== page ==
Worms: Your bearded dragon has a plethora of tasty and nutritious options to choose from in the vast world of worms. When you’re looking to give your dragon a particular treat, some foods are better than others. My beardies favorite worms are silk worms, phoenix worms, butter worms and of course the fat rich desert worm, wax worms.
Note about mealworms: The mealworm can be used as a treat in the adult bearded dragon diet but should not be fed as part of a juvenile or baby bearded dragon diet. This is due to the tough exoskeleton on the mealworm can cause gut impaction on younger bearded dragons.
Insects to Avoid
The great thing about breeding crickets is that they’re safe and nutritious. But there are some insects that you do not want to introduce to your bearded dragon’s diet.
They include, but are not limited to:
Spiders are a big no-no for bearded dragons, who are much too small to deal with the venomous bites of these creepy crawlers.
Moths and butterflies can also be harmful if eaten because their bodies can contain toxins that can poison your pet.
Insects that are not live are also a no-no. That includes canned silkworms and other canned insects.
Venomous insects should also be kept away from your bearded dragon. This includes dangerous insects like scorpions, centipedes and ticks.
Best Vegetables for Bearded Dragons
You can guarantee your bearded dragon has a well-balanced and nutritious diet by feeding them vegetables and leafy greens. Bearded Dragons can eat as much produce as they like, every day of the week. That way, you don’t have to be concerned about your reptile getting fat off of the garden treats.
Even if your baby bearded dragon doesn’t seem to like vegetables or leafy greens, give them a try. He’ll be loving greens in no time! I usually start my beardies off on dandelion greens or mustard greens to get them use to leafy greens as part of their juvenile bearded dragon diet.
Vegetables should make up 80-90% of the plants you feed your dragon. You should feed your bearded dragon primarily dark green, leafy vegetables, although any color of vegetable is fine. If you’re having trouble making a decision, use this handy guide.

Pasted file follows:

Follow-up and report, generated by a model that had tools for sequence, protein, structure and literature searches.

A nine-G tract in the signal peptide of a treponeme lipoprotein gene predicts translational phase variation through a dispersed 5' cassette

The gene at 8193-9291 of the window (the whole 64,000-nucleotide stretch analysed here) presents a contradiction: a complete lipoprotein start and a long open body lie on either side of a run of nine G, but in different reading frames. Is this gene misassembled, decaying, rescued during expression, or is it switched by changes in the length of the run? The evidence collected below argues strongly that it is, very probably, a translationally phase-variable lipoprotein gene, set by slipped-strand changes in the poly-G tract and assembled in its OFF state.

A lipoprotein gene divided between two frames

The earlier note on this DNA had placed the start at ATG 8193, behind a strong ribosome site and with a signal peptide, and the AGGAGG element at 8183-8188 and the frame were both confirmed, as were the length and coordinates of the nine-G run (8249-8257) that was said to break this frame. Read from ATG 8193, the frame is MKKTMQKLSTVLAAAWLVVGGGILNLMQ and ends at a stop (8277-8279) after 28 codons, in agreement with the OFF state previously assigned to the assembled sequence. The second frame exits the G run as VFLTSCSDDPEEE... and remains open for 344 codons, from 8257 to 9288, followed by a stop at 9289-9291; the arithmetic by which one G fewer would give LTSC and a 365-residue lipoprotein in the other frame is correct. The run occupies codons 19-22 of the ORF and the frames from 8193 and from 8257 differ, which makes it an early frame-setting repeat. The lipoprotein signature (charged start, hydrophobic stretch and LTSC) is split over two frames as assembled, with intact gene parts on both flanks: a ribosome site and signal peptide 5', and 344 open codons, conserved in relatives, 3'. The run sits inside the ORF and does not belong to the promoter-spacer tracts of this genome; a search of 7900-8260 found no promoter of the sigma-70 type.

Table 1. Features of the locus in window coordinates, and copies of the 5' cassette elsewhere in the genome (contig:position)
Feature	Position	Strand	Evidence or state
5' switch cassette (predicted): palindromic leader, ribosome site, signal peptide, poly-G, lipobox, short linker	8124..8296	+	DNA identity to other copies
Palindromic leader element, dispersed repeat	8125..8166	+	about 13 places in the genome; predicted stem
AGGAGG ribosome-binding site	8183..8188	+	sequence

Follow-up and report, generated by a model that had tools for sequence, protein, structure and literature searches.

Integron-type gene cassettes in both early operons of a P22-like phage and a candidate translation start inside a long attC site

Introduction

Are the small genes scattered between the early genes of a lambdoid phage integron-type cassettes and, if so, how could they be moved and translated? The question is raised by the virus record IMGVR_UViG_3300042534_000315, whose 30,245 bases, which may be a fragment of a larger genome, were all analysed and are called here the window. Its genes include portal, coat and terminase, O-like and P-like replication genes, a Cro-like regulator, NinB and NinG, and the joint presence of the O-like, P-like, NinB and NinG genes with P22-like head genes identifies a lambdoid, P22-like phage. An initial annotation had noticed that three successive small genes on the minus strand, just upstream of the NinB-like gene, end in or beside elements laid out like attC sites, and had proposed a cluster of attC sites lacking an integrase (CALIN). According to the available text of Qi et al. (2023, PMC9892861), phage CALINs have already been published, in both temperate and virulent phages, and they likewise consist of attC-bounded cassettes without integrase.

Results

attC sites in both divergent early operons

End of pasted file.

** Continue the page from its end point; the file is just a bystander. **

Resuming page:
These vegetables can be fed to your pet on a regular basis:
Peas and snap peas
Bearded Dragon Vegetables to Avoid
The vegetables below should not be used when determining what vegetables to feed your bearded dragon, whether if they are an adult or younger dragons.
Avocados and beets
The acid in citrus fruits can be extremely harmful to your beardie’s stomach and digestive system if it is fed too frequently, hence some Dragon Keepers choose not to give citrus fruits at all.
Vegetables rich in fiber but lacking in nutrients like lettuce (they can cause diarrhea)
Best Fruits for Bearded Dragons
Even though fruit is high in nutrients and tasty, your bearded dragon just requires a tiny bit each day to keep your bearded dragon healthy. If you feed bearded dragons fruit, you should aim for 10% to 20% of the plants you feed it. Before presenting your dragon with a piece of fruit, make careful to cut it into bite-sized pieces.
Many fruits, other than citrus, are safe for your dragon’s stomach, save for those that contain high levels of acid. Here are a few of the most well-known:
An apple a day keeps the doctor away (peeled; weekly)
Fruits such as bananas (with or without peel; once or twice a month)
The fruit of the blackberry is referred to as (every other week)
The fruit of the blueberry is referred to as (weekly)
Fruits (every other week)
The guava (weekly)
New Zealand’s indigenous people (peeled; monthly)
a fruit called a mango (a few times a week)
The fruit of the pears (peeled; very rarely)
It’s time to eat some raspberries! (every few weeks)
The berries (weekly)
While a bearded dragon’s diet is nutritious, it is still important to stick to common household products. That being said, you will want to be aware of any products that could be toxic to your pet. The following are some of the things you’ll want to avoid:
Many medications can harm your pet if consumed in large quantities.